Republican candidate for governor of Pennsylvania, Doug Mastriano, has spent nearly $1,000 in additional campaign donations on bus travel and supplies for the January 6 insurrection.
This is just the latest bad headline for Mastriano, who is facing a damaging onslaught of revelations about his embarrassingly poor judgment.
He has been subpoenaed by the U.S. House for his attempts to illegally overturn the 2020 election. One of his opponents in the race, Jake Corman, called for an investigation into Mastriano’s potential violations of campaign finance law. And instead of focusing on the problems impacting Pennsylvania families, one of Mastriano’s most recent bills would instead force pharmacists to sell unproven medication that conspiracy theorists believe cures COVID-19.
The American Independent: Pennsylvania governor candidate subpoenaed over Jan. 6 spent more on buses, report says
By Nick Vachon | March 2, 2022
- “Pennsylvania state Sen. Doug Mastriano has been subpoenaed by the House select committee investigating the Jan. 6, 2021, riot at the U.S. Capitol.”
- “Doug Mastriano, a Pennsylvania state senator running for the Republican nomination for governor, spent $1,000 more than was previously known on bus trips that took place around the Jan. 6, 2021, insurrection at the U.S. Capitol in Washington, D.C. Mastriano, who was a scheduled speaker at the “Stop the Steal” rally that preceded the riot, expensed three charges for “bus reservations” totaling $3,354 to his state Senate campaign in late December 2020.”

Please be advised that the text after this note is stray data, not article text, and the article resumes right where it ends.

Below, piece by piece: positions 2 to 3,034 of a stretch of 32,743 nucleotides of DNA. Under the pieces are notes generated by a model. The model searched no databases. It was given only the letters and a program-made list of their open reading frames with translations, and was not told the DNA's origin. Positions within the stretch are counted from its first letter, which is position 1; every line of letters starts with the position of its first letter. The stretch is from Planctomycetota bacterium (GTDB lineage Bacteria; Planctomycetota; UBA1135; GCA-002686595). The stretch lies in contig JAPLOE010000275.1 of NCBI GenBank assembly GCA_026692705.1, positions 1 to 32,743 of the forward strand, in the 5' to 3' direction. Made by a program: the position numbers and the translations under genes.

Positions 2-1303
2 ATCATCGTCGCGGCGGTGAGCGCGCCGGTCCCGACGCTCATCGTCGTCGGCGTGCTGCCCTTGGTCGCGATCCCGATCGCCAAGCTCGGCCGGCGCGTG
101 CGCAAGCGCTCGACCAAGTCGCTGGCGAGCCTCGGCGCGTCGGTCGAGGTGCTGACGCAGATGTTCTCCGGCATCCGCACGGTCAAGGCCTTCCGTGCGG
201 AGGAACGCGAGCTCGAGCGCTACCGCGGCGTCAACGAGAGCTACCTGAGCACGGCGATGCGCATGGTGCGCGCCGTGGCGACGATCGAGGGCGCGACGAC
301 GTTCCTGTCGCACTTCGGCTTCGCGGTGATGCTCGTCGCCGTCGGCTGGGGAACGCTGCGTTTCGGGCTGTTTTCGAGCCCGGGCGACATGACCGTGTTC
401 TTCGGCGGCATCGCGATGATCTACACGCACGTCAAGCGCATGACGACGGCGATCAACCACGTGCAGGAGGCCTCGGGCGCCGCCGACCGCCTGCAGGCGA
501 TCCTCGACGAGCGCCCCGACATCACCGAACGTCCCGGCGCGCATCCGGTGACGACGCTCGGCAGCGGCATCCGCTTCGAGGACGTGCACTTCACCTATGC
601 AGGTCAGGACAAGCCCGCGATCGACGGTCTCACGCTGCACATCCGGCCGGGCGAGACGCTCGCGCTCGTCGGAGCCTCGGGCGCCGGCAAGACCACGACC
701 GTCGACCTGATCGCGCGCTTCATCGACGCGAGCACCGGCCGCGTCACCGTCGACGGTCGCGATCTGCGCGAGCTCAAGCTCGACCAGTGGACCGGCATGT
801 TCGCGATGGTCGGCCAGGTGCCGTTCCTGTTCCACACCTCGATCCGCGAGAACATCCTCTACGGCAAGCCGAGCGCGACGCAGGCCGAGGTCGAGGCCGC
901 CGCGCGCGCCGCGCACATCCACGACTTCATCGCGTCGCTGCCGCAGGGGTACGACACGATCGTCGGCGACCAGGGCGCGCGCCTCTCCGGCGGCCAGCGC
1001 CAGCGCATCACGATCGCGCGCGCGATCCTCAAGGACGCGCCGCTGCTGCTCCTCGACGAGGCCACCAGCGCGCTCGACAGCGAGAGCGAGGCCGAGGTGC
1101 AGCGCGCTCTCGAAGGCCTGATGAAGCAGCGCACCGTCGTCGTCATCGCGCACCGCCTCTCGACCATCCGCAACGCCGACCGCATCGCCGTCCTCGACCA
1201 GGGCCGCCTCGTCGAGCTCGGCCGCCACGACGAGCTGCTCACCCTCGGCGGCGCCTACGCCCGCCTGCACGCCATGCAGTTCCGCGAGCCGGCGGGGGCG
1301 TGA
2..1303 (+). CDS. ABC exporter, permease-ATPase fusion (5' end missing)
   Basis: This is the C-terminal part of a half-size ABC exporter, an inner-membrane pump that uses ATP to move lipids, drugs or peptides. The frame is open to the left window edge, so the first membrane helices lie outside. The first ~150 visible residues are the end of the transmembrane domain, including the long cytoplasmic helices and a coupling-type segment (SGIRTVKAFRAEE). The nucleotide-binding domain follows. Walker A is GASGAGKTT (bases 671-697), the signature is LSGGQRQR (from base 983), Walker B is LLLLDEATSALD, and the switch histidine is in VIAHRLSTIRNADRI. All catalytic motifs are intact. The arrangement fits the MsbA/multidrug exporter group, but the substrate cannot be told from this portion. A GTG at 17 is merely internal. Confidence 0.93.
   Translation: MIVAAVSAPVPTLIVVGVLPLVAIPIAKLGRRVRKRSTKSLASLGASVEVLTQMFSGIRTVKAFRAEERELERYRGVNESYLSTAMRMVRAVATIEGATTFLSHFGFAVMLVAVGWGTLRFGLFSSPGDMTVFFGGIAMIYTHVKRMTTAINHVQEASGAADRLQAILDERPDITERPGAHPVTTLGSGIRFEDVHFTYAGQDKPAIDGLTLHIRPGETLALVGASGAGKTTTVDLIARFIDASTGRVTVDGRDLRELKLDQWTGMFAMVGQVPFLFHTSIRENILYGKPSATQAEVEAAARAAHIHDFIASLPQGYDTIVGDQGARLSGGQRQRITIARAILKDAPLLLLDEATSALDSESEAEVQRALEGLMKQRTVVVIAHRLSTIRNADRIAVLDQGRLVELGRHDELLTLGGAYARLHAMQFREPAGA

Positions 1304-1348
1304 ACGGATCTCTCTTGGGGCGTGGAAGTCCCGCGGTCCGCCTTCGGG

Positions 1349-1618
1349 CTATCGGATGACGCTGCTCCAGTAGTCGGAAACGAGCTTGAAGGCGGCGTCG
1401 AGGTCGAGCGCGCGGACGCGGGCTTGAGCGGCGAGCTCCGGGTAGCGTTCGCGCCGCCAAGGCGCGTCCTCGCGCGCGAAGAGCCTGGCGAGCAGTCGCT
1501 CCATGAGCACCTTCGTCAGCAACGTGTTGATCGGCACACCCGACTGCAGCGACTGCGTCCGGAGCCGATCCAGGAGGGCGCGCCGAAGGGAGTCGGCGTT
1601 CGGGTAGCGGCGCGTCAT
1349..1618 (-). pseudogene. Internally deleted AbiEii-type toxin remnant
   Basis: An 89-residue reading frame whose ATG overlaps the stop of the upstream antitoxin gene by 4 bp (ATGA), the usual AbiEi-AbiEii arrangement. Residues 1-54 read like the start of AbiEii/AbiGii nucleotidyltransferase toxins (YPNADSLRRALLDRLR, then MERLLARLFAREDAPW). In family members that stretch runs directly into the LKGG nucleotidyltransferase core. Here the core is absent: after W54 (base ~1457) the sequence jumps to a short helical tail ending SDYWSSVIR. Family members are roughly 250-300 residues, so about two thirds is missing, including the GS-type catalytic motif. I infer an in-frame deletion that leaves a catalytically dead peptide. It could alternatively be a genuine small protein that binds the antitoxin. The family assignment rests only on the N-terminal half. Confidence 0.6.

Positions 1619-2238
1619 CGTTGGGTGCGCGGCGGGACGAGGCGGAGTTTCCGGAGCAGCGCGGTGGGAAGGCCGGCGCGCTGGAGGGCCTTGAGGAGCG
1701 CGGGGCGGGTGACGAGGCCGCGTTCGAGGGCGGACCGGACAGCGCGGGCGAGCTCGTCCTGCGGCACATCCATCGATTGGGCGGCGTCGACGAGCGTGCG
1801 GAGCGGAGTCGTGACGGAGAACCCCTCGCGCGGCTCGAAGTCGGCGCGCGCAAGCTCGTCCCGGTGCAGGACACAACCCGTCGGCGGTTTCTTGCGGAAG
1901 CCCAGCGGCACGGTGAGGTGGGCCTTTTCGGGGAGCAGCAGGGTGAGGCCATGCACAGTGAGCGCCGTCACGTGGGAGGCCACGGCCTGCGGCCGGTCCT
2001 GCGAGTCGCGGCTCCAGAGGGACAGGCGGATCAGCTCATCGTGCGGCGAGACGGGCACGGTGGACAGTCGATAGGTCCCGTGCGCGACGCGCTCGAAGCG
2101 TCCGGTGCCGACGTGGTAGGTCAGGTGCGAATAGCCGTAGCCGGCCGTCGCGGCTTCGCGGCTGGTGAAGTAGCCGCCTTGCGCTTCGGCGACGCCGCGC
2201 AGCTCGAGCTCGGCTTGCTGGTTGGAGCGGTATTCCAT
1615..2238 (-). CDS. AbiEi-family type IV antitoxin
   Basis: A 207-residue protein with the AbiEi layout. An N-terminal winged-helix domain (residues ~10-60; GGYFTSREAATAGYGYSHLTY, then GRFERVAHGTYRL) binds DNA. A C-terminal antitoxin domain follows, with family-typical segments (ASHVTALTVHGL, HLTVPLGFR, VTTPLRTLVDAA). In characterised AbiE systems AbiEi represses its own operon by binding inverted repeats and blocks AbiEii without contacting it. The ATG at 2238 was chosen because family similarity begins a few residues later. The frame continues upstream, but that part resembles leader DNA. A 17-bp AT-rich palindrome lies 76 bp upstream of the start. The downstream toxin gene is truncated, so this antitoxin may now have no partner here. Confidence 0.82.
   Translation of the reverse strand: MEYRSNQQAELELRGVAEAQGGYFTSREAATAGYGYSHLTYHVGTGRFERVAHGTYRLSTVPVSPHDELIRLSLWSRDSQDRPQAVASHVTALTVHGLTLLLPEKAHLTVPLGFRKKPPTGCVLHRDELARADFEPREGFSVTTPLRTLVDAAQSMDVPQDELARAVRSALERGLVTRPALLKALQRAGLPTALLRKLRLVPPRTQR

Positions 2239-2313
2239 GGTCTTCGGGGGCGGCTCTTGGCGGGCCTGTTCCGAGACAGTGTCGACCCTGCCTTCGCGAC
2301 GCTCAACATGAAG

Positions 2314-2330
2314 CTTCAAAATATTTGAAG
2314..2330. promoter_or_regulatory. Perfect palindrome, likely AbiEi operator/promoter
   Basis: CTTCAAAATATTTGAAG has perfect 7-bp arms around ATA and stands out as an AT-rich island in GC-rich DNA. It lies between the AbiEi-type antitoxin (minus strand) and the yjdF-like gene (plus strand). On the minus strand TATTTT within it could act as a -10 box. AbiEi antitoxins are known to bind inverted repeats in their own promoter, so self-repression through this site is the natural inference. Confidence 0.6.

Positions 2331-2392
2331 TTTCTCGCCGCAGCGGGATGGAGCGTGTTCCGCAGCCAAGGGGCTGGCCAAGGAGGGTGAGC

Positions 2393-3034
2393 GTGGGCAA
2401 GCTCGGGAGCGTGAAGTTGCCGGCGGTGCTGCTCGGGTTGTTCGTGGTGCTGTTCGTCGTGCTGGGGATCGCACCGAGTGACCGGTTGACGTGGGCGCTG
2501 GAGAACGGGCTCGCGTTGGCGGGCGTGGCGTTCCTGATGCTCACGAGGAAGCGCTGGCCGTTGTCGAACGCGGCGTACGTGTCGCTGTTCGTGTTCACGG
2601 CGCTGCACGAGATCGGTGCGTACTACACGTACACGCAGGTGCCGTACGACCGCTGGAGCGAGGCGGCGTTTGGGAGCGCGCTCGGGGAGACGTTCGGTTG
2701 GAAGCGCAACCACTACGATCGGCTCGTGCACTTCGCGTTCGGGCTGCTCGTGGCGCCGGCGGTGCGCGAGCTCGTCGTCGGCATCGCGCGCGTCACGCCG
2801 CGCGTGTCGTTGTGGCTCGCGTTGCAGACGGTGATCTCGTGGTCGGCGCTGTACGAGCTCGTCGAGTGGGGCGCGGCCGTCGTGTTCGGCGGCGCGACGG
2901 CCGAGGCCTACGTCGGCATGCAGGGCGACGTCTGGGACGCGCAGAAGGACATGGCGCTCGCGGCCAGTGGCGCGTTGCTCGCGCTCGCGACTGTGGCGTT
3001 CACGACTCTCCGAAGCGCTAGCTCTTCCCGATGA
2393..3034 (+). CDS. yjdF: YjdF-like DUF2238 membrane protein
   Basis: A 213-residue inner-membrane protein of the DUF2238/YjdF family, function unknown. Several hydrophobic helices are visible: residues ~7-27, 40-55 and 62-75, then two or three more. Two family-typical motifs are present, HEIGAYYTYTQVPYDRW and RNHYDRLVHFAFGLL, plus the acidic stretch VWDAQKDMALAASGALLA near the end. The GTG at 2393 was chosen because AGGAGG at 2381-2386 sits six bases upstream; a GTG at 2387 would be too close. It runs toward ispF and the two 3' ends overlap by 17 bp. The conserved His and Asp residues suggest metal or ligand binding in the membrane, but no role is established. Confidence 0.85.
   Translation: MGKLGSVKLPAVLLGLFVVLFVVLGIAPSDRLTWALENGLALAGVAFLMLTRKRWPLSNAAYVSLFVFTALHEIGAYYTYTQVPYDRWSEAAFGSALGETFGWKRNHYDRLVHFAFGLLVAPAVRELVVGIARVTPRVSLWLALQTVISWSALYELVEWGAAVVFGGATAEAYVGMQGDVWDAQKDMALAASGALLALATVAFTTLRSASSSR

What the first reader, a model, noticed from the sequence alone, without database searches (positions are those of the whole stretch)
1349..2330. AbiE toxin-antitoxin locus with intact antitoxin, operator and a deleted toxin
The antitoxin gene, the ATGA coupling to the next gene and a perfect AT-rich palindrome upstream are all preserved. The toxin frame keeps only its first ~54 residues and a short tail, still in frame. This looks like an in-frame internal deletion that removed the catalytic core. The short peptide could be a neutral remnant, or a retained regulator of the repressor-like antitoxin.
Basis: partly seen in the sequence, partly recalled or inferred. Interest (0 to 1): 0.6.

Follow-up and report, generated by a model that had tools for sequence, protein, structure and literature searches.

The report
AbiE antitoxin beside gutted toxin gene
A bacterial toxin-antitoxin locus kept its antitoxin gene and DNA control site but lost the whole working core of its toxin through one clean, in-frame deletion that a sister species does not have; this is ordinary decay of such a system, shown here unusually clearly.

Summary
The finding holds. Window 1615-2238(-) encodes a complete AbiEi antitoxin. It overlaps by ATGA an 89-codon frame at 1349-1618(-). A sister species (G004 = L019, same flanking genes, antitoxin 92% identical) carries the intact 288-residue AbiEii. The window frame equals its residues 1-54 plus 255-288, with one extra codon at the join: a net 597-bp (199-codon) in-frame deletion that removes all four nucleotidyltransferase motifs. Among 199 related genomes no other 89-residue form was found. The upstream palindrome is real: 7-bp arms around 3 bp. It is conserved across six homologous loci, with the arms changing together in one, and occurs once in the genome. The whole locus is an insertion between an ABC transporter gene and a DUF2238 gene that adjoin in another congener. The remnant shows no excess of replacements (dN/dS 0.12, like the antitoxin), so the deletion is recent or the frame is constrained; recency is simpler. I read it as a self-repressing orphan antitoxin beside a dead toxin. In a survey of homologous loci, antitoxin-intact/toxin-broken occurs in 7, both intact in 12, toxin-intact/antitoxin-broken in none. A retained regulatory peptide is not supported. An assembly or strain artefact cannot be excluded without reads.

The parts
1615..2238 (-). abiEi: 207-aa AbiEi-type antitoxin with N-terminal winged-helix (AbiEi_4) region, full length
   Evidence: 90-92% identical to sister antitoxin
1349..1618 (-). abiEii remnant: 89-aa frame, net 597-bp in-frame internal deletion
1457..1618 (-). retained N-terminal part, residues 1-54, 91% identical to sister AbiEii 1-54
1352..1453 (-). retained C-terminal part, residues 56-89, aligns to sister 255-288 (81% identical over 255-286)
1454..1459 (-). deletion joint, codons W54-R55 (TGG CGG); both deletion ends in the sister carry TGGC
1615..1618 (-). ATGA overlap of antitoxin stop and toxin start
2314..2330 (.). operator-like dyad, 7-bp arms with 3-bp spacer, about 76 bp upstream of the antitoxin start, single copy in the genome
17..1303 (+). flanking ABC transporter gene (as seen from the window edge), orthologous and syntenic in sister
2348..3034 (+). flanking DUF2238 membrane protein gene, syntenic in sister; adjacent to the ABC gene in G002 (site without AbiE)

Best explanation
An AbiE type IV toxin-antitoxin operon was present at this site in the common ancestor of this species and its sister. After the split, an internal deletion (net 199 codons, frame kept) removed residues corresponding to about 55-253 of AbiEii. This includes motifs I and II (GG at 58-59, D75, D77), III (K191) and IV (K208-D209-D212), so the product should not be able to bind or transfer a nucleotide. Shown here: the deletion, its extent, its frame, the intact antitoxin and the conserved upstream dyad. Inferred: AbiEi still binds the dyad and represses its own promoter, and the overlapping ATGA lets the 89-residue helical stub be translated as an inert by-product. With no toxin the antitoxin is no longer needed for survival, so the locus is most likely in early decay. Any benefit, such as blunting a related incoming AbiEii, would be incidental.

- “Amended campaign finance filings from February of this year reveal that Mastriano failed to disclose two additional bus-related payments: a $225 expense paid to Wolf Bus Lines, the company that the previously disclosed reservations were made through, for “Bus trip parking fees,” and a $709 payment made to BJ Brink of Shippensburg, Pennsylvania, for “food supplies for Bus.””
- “Mastriano’s amended filings have raised other questions as well. They reveal that he raised $1 million, nearly twice the $550,000 he had disclosed, and spent 15 times more than was previously known. State Senate Leader Jake Corman, another candidate for governor, tried to get District Attorney Matt Fogal, the district attorney of Mastriano’s home county, Franklin County, to investigate whether Mastriano had committed perjury and violated state campaign finance laws by not disclosing the nearly half-million dollar difference.”
- “A recent poll of likely Republican primary voters found Mastriano narrowly trailing Barletta 24% to 20%, with Corman at a distant third place with 5% of the likely vote.”
Published: Mar 3, 2022